Today in the column Troy posed some interesting questions, kind of the staple of manga talking points, and among them was the question:
The Ultimate Selling Point:
We’ve talked off and on about the pros and cons of manga vs. the American mainstream, and I’m ready to set my Cubs hat on one opinion. I believe that the ultimate selling point is one simple thing: finality. The grand majority of manga offers stories that end by a single creator or team, and I think that there’s something compelling about seeing that coherent vision realized. Granted, this isn’t an epiphany on the same level at that in James Joyce’s Araby, but I do believe that’s my final answer.
To which I respond:
I don’t agree that finality is the key either. I know personally, I’m aware that the finite nature of manga is appealing, but more in a rewarding sense, not a conscious one. That is to say, I didn’t first start reading manga because I’d heard there were stories with actual resolution, that payoff is what kept me coming back for more. Even though they’re finite, manga are still serial in nature.
Besides, I simply can’t envision the generation of young manga readers delving into the bookstores after hearing about these comic stories that have finite arcs. Nope, that’s not the key selling point.
I really believe manga’s selling point to the new market is it’s name. It has much more to do with it being called “manga”, and not “comics”. It’s uniqueness, or newness., the different format, styles, vibe, approach. Everything about manga is different from traditional US comics. That’s the key component, and that’s why it’s able to find this new success that comics lost decades ago.
That said, there are many other reasons that have contributed. Attributes or factors that have allowed the success to happen. It’s really the chicken vs the egg, but I think if you ask about the ultimate selling point, it comes down to marketing, and manga by it’s very nature, has marketed itself to the US marketplace better than mainstream US comics have in decades (the name, the format, the model, the content, etc, etc.).
What’s in a name? Everything!
This is huge for me, and relates back to some of what I feel most strongly about the comics medium. I'll just leave it at that for now, but suffice it say comics need a new name.
Check out the column HERE
Okay, so after posting my comments earlier, and posing that manga’s namesake, or marketing uniqueness (name, format, style) was it’s ultimate selling point, I got to thinking as I was away at work…
And ya know what?
The name is key, the fact that manga differentiates itself from comics, in every way, right down to the name, that’s huge. And admittadley, there are a lot of other factors, with creative drive/ownership and finite/complete storytelling (thus allowing true character growth, as others have mentioned) a huge part of it (that must also be there). But none of that matters without something else, manga’s x-factor. It’s synergy with other media, namely anime.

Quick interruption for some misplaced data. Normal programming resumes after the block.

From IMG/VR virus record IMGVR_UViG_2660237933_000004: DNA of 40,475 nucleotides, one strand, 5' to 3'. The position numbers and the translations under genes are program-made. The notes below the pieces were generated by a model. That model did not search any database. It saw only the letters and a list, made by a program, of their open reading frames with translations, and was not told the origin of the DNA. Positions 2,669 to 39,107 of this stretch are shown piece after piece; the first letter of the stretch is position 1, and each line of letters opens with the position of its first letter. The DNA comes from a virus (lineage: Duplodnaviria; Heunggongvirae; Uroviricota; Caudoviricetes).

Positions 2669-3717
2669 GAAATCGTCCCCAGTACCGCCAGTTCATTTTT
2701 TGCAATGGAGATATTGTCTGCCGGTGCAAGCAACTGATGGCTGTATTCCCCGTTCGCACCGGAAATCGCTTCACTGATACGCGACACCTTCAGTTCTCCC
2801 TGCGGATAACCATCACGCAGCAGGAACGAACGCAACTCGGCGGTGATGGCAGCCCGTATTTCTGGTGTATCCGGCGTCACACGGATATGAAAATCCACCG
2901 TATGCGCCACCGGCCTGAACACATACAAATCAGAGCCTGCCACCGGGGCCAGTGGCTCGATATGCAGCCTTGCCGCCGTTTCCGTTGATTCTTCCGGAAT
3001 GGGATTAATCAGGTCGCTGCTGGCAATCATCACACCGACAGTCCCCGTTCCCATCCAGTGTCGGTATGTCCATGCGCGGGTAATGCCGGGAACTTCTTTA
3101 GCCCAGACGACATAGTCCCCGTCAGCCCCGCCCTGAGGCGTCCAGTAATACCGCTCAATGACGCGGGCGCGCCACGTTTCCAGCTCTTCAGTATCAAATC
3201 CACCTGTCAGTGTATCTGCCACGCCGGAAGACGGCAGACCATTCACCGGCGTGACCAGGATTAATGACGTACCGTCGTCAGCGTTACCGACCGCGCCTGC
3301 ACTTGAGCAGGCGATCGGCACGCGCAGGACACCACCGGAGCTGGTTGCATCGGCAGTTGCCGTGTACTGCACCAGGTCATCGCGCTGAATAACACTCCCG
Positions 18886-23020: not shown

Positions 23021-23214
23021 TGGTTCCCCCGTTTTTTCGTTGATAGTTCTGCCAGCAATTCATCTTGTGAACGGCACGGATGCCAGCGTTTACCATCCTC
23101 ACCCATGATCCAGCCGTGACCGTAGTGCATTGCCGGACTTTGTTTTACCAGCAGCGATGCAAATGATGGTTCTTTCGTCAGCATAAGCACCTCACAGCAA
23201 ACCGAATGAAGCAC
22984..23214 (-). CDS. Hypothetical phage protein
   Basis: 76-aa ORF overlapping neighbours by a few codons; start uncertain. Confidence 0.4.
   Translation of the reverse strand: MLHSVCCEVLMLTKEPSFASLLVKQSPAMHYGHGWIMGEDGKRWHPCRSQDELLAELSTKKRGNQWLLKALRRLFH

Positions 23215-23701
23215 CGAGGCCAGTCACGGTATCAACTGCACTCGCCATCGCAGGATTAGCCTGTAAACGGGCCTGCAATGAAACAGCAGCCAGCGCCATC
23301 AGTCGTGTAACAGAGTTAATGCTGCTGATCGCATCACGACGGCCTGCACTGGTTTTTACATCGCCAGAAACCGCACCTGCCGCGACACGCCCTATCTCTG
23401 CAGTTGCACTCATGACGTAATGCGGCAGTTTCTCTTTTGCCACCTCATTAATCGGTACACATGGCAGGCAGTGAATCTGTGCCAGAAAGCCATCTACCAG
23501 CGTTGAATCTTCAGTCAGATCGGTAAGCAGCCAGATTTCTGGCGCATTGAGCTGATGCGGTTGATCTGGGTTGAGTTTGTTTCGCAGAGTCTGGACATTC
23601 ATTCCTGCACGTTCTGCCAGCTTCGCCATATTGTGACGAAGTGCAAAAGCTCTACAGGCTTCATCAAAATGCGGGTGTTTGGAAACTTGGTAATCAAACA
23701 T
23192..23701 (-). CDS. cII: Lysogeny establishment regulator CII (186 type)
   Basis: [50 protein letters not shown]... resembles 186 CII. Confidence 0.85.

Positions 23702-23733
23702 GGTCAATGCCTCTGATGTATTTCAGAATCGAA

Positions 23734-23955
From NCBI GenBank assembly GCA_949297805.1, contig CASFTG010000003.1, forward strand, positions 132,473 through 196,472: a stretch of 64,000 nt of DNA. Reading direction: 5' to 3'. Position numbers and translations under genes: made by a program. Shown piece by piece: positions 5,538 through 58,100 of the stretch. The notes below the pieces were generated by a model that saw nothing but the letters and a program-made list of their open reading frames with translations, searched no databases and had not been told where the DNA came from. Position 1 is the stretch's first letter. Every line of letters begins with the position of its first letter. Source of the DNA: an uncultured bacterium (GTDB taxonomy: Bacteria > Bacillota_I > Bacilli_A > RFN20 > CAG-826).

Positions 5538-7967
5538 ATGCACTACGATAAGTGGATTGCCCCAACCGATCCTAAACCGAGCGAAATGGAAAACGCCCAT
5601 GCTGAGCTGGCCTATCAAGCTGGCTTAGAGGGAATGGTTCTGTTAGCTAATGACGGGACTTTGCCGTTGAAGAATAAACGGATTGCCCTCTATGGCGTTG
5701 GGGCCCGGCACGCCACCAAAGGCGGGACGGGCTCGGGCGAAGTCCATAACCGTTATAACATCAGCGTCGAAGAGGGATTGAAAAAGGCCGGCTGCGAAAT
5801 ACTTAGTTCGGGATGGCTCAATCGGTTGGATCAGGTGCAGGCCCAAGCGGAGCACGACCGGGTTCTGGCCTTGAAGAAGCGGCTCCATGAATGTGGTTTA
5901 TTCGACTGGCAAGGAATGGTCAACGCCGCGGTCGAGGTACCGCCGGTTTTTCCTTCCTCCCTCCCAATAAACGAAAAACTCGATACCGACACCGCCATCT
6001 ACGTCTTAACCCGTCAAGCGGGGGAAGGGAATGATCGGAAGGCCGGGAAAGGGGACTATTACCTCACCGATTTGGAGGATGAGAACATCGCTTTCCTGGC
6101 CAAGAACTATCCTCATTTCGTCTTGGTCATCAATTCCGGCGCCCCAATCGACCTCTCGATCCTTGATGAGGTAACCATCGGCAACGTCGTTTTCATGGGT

Manga and anime are much more associated than comics and cartoons or comics and movies. For example, if you see an anime, and look to a major outlet for it’s manga counterpart, you’ll find a concise offering. Sure something like Dragonball may have scores of volumes, but they all relate very well to the anime. Not the case at all with US product. Not only does the US product differ wildly, there’s an avalanche of different versions (as mentioned), formats, etc. Take a look at how Marvel sets up properties that hit the big screens, they dump a wide assortment of material on the market to coincide with the film. For FF, you’ll have; regular, MK, Ultimate, Adventures, FF Foes, and oh yeah, the adaptation (just off the top of my head). It’s suicide. Not only does the market not have the ability, or need, to support this product, virtually none of it relates well to the movie property. Not to mention (as others have), it's confusing as hell. If this were an anime, kids could walk to the bookstore manga section and find one, or maybe a couple runs of manga that is very similar to the source, and any number of straightforward volumes per each, all in the same format and style (similar in style even to the anime). Try the same for comics.
That’s your formula, that’s the key. It’s synergy. Having other media that directly corresponds to your print material, and having concise offerings in print, that don’t vary from wildly from the interpretations, is what drives the audience to your product, or warms them up to it. Today’s youth wouldn’t be crazy for manga’s artistic sensibilities if they didn’t have reason to from exposure to the various anime…
Other media synergy (anime/cards) + marketing (name, format/price point, distribution) + content (creator driven, style, finite, etc.)
I submit, it’s those three keys, in that order, that have made manga successful. The penetration of anime and related merchandising, have opened the doors for manga. The way the Japanese system works, allows this to happen. Which is a key difference from how the US industry works, or rather doesn’t.
A perfect example where the US industry, or comics, got it right (and what a surprise, it’s not one of the big 2) is Sin City. Not only is the movie very much in line with the source material, the source material is very straightforward. Why? Cause it’s creator driven, just like manga. Just like manga across the board, and shock-o-shito, the Sin City trades are doing very well.
Other media synergy + marketing + content = success
Memo to the US industry: